The city of Qom, for centuries a center of pilgrimage, has also become an important center for carpets from vifiages in a large area.
Stylistically, Qom classic carpets are attributed to nomadic rug category. Despite their great potential, for years such carp ets had totally been neglected due to several transformations that had been occurred in Iran contemporary carpet weaving history.
Since around 1921 to 1941 European market heavily demanded for carpets with more delicate and finer stitch. From that time some weavers produced rugs in which certain parts of the design were highlighted in silk.
Such productions were highly regarded in European countries. Accordingly, at about this time the weavers began to make all-silk rugs with much finer stitch than the original part-silks.
Therefore, the imaginat ion of weavers and the support of buyers produced quite luxurious and charming city woven carpets enjoying a unique character compared to their rivals produced in other cities of Iran.
In fact, no other material produces such elegant, delicate rugs, displaying a subtle color nuances of particular charm in different lights, as silk does. After the emergence of such excellent, exceptionally delicate carpets, carpet designers and producers hurried into Qom from the nearby villages and towns and intensified the silk carpet production industry.
Consequently, Qom nomadic rugs depressed gradually as they could no longer compete with their modern, brilliant rivals. In addition, the success of emigrant master designers who had mainly come from Isfahan, Kashan, and Arak, in combining their regional designs and creating new harmonious and perfect styles led to the appearance of extremely rich, superb designs in Qom.
Such productions have extraordinary been able to attract customers with variety of tastes and preferences throughout the time. The domin ant designs mostly include Chahar Mahal Kheshti, Arak dastego1 (bouquet of flower), Isfahan medallion and corner piece, Kerman Koran frame medallion and corner piece patterns.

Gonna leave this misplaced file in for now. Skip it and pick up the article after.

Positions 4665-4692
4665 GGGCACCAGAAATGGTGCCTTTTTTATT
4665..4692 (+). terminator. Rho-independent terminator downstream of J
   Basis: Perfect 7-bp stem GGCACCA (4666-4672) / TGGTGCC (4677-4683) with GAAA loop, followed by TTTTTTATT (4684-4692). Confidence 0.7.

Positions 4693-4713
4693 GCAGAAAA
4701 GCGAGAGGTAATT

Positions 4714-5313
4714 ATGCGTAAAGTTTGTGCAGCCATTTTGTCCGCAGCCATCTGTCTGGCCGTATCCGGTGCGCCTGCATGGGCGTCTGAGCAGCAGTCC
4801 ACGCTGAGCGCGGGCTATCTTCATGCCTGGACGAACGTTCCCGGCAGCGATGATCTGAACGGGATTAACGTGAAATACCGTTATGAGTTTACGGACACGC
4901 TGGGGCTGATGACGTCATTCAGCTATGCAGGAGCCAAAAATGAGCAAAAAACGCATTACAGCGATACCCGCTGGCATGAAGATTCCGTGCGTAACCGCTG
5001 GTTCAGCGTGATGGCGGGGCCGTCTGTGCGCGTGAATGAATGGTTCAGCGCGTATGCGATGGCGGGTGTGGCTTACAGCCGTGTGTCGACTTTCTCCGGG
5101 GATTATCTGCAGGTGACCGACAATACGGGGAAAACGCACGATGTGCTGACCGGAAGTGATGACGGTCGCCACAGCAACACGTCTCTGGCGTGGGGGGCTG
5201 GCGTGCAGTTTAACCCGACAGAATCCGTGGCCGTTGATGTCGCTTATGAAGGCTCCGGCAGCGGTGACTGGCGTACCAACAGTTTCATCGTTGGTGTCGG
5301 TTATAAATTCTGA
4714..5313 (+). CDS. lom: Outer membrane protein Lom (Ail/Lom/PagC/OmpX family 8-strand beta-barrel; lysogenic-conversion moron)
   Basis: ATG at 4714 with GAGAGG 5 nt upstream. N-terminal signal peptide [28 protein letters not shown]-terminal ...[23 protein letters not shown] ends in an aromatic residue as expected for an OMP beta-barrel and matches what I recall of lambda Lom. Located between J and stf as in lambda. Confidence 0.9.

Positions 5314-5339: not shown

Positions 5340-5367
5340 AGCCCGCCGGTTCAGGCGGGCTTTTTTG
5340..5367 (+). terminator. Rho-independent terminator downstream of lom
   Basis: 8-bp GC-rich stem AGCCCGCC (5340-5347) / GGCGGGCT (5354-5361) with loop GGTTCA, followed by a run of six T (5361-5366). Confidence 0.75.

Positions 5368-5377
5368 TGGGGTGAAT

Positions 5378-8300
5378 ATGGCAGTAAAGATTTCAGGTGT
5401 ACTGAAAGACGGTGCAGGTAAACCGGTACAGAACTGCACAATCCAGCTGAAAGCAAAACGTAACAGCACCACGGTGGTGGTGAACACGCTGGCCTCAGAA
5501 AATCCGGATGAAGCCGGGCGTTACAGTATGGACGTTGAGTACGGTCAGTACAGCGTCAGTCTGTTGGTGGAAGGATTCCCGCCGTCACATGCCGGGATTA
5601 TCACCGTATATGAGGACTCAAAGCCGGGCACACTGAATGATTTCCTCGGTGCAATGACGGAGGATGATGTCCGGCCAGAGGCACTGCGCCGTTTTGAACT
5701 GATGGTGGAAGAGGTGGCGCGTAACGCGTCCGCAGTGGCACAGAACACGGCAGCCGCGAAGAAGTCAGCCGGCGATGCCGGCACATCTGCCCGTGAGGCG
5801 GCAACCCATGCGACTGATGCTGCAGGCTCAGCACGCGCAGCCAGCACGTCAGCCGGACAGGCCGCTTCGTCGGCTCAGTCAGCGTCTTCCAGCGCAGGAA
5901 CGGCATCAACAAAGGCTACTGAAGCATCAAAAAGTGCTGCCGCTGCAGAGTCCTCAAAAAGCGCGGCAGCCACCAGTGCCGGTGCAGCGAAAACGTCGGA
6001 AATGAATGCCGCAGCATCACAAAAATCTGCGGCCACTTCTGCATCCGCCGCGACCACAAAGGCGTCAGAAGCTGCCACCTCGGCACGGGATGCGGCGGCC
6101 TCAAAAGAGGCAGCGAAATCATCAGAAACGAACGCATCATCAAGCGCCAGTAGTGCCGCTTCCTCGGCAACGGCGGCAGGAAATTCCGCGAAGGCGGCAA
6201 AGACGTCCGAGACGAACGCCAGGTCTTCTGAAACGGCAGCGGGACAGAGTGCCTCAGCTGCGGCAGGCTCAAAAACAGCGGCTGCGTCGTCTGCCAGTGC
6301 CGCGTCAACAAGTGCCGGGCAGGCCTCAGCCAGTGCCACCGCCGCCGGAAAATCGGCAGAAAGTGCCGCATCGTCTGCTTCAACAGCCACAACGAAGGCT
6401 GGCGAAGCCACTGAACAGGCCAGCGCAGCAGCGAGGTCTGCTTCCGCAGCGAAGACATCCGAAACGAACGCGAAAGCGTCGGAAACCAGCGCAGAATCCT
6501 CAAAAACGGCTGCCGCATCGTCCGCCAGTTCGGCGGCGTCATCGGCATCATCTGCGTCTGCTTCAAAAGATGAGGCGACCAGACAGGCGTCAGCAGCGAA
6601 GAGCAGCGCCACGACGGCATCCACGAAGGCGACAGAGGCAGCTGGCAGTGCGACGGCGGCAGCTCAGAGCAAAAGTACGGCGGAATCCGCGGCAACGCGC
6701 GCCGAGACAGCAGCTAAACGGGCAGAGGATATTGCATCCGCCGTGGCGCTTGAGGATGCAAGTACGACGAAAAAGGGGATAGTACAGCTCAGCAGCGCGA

Over the past decade, frequent application of Gole Farang motif has been the particular characteristic of Qom weavings. Und oubtedly, Qom designers and weavers are considered to be the most well-known producers of such motifs. The palette of colors used in Qom is as rich as the range of designs. One can find, in addition to bright-red and black-blue grounds, light blue, light green, mushroom, rose, and gold. Some pieces have a very strong combination of contrasting colors.
Qom carpet weavers tend to produce smaller size carpets called rugs, a piece with an area of up to about 4 square meters. Geographic ally speaking, caipet weaving in Qom region is only stretched towards its west and south-western parts, to the east it is liini ted to the underdeveloped salt desert. In addition to the nomadic and modern rugs, one may encounter Shahsavan and Afshar productions in Qom carpet market.
These weavings belong to migrating nomadic tribes who are scattered from south of Azerbaijan to Bijar, Zanjan, Qazvin, and west of Qom. Howe ver, their presence in Qom market does not necessarily mean their dependency on Qom outputs. In fact such productions have traditionally been exhibited in Qom market throughout years. Today, Mir Mahdi, Rajabian, and Nooii, are regarded as the most reputable Qom carpet manufacturers.
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